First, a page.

Best: Put bosses back in classes
By Steve Herring
Published in News on April 13, 2009 1:41 PM
If the county school system has so many administrators and guidance counselors that it requires closing half of a school to house them, then perhaps they could be utilized to help tutor students in the lower grades, Commissioner Jack Best said this month.
Best made his remarks during the commissioners' comments portion of the board's April 7 session.
When it became Commissioner John Bell's time to comment, he joked that he was yielding his time to Commissioner Sandra McCullen, associate superintendent for curriculum and instruction for the county schools.
"With what Mr. Best has said today, many of the staff that he is talking about, I'd like to ask that we have a report about what they actually do and what their roles are," she said. "It is similar to what Mr. (Jim) Roosen (county Health Department director) was saying about the Health Department, a mixture of things are required to serve the children.
"I think that (report) would open a lot of the public's eye as well as the people here about that. The other things Ms. Best talked about we have had conversations and will continue to have them."
Best said commissioners had been criticized by some Board of Education members, as well as member of his own board, for recently allowing Charles Wright to address school issues.
Wright, an unsuccessful candidate for the school board, complained there are too many empty classrooms.
"He was somewhat right in that the school board has chosen to turn half of Goldsboro Intermediate School into administrative offices," Best said. "They have been able to take children out of that school and put them in another school."
Best said that when he was growing up the school held more than 700 students, "a pretty good-sized student body."
Yet, he said, the school system was able to take half of that school and make it into offices.
Best said Wright, like every citizen, has a right to speak.
"I want to make a suggestion if we have got that many administrative people and/or counselors that we have to take half of a whole school to make offices out of," Best said. "We have some problems in some of the lower schools. I think we ought to take these people and utilize them a little bit to the point that I think the school board ought to look at it and seriously."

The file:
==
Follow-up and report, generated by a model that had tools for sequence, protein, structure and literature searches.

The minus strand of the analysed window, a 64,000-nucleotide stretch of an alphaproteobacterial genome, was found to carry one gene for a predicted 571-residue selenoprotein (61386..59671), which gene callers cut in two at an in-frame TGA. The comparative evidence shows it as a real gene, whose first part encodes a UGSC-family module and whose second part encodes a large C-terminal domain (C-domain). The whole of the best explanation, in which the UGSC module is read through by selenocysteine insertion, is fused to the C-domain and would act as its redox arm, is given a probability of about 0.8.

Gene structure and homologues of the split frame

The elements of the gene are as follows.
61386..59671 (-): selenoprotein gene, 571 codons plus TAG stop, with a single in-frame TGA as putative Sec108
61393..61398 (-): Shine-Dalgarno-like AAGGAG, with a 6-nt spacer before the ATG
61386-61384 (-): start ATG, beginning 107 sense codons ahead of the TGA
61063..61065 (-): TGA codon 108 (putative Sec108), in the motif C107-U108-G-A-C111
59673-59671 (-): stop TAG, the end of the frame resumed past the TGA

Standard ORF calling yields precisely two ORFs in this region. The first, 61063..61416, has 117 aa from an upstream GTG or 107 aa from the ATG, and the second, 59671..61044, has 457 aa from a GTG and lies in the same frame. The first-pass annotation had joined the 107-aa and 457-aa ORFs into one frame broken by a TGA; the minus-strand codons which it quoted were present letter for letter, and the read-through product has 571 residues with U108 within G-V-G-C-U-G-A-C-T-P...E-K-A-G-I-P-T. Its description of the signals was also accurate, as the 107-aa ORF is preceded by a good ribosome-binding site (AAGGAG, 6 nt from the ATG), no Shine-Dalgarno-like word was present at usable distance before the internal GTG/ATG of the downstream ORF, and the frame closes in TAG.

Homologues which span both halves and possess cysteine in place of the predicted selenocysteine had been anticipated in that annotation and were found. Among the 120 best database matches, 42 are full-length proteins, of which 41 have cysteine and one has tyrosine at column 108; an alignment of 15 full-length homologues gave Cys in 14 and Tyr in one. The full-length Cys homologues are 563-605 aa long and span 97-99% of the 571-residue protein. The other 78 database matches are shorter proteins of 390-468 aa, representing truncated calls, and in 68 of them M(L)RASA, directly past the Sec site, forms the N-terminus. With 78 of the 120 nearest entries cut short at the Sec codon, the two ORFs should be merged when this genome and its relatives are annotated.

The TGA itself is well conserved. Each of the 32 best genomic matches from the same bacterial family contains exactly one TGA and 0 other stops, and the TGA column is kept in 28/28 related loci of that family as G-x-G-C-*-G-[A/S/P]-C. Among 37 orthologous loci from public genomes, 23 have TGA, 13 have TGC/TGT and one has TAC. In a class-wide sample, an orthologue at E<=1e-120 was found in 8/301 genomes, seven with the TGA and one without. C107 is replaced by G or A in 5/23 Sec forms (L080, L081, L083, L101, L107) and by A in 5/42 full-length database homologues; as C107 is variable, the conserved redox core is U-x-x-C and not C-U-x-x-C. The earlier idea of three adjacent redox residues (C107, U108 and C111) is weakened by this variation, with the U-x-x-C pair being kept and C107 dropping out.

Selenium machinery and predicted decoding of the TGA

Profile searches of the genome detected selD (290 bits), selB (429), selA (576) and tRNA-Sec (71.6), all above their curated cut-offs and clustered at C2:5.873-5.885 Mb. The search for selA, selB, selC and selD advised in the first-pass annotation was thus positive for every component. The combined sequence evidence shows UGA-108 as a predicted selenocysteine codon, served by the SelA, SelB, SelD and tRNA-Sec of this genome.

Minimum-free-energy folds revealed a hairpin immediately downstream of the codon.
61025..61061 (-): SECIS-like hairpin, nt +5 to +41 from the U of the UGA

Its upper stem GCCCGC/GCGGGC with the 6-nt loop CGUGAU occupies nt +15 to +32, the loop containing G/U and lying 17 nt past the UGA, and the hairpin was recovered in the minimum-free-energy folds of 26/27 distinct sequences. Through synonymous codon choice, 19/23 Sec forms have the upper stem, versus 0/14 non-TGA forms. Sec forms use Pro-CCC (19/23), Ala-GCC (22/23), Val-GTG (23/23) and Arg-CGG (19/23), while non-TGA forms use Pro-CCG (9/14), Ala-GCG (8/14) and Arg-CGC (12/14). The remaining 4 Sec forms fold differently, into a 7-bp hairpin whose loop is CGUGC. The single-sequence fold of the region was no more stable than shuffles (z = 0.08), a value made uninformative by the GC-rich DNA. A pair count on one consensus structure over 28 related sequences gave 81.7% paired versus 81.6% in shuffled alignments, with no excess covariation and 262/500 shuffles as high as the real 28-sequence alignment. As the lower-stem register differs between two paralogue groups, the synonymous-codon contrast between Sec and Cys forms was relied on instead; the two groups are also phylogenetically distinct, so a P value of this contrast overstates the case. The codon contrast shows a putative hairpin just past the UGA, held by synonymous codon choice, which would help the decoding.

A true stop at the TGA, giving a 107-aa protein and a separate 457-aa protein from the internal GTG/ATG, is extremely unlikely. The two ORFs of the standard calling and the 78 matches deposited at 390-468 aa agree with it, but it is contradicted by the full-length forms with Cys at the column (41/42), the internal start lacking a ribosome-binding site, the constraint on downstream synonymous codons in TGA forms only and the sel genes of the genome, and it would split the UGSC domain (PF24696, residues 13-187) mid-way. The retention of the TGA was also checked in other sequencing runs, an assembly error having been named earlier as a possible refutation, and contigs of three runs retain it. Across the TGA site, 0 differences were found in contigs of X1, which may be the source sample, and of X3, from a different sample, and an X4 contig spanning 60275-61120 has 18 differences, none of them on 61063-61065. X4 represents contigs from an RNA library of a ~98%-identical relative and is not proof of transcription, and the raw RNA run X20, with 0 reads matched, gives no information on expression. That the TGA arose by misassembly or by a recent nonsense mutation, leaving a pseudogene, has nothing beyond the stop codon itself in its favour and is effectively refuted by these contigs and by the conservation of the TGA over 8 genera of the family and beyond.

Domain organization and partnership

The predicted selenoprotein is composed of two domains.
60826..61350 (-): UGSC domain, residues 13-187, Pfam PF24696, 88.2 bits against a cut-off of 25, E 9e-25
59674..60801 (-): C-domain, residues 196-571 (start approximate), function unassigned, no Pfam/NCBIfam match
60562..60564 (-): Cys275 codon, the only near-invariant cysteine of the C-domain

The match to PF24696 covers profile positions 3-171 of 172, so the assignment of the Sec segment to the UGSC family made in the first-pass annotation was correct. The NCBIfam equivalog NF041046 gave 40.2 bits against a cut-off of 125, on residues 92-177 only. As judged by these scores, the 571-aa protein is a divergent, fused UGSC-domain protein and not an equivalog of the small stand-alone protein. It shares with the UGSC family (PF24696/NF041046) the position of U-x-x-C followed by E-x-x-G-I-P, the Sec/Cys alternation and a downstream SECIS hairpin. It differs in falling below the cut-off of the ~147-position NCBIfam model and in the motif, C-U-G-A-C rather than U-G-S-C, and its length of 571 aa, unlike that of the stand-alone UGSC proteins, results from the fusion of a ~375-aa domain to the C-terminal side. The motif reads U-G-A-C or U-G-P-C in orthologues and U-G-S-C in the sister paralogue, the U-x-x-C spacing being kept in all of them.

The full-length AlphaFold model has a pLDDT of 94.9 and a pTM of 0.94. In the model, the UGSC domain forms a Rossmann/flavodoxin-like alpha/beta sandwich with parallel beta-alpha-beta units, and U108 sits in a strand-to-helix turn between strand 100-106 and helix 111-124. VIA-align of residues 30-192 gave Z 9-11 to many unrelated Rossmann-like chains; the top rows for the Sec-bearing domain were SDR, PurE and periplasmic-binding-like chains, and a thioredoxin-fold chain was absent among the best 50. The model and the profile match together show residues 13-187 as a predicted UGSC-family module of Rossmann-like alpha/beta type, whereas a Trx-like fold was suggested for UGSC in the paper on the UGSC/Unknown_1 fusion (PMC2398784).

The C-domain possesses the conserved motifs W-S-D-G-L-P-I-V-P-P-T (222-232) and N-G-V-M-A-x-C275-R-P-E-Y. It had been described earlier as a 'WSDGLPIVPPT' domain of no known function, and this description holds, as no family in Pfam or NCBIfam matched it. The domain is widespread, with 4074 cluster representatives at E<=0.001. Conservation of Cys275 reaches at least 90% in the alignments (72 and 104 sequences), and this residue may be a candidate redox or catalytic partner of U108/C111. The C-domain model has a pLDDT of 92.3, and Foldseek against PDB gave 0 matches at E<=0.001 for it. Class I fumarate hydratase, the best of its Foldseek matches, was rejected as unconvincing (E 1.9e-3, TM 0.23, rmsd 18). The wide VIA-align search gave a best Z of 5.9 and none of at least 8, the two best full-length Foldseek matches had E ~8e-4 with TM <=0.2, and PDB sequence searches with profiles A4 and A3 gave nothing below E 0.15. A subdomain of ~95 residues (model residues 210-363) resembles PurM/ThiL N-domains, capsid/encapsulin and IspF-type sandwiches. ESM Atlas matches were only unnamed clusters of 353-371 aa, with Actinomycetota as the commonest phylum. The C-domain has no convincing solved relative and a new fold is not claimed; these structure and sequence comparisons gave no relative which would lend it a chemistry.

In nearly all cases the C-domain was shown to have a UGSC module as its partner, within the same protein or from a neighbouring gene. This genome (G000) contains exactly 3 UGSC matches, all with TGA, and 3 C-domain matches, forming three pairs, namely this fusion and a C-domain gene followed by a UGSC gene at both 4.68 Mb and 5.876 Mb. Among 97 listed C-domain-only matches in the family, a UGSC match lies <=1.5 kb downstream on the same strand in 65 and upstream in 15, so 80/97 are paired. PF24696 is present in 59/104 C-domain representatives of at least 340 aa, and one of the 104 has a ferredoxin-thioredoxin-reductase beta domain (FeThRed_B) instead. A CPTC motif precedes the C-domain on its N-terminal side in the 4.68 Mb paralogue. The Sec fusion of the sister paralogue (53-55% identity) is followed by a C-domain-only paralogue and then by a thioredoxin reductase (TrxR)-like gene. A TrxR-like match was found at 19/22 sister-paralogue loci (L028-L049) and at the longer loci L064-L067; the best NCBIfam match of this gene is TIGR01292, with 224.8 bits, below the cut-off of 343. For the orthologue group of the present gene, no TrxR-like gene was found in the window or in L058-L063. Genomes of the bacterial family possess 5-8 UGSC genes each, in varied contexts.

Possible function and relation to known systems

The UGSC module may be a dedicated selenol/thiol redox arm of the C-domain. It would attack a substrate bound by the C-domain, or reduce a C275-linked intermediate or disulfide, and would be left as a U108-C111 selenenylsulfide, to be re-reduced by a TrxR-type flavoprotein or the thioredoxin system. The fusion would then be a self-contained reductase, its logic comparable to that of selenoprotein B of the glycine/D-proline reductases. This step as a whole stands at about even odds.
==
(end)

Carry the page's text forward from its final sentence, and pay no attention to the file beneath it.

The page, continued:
Best said county schools officials tout the fact that 80 percent of their students go on to higher education.
That number is arrived at in a "kind of funny" way, he said.
"They don't do it so much by transcript as they do it by asking people," Best said. "It is kind of an intimidating question to ask a student.
"Even so, I believe we have a large amount of our students going to higher education. One of the greatest things Wayne County has going for it is Wayne Community College. The problem about going to Wayne Community College for the majority of these students is that 62 percent (who) enrolled with a Wayne County high school education have to take remedial reading and remedial math."
That, he said, is a high percentage.
"If you add it to our dropout rate whether it is 5 percent, 20 percent or 30 percent, who only knows, it is a pretty good percent of our students who have missed the opportunity in the early grades to learn to read properly and to be able to do studies.
"My suggestion, and it is only a suggestion, and I know they won't take it because they don't take any of my suggestions, take all of their administrative people and guidance counselors at least two to three hours a day and put them down in the lower schools to help tutor these students and really give them a great base in reading.
"Some of these students don't have mothers and daddies to read to them at night. This is their only opportunity to get a one-on-one or two-on- one, or three-on-one."
The county has tutors, just not enough of them, he said. The schools need to concentrate on the basics of reading, writing, math, he said.
"If they have got that many administrative people and that many guidance counselors, utilize part of their time to get the young kids on the right track," Best said.
Another interesting statistic, Best said, is that 65 percent of the people in jail do not have a high school education.
"Without a high school education it is pretty hard to get a job, Best said.
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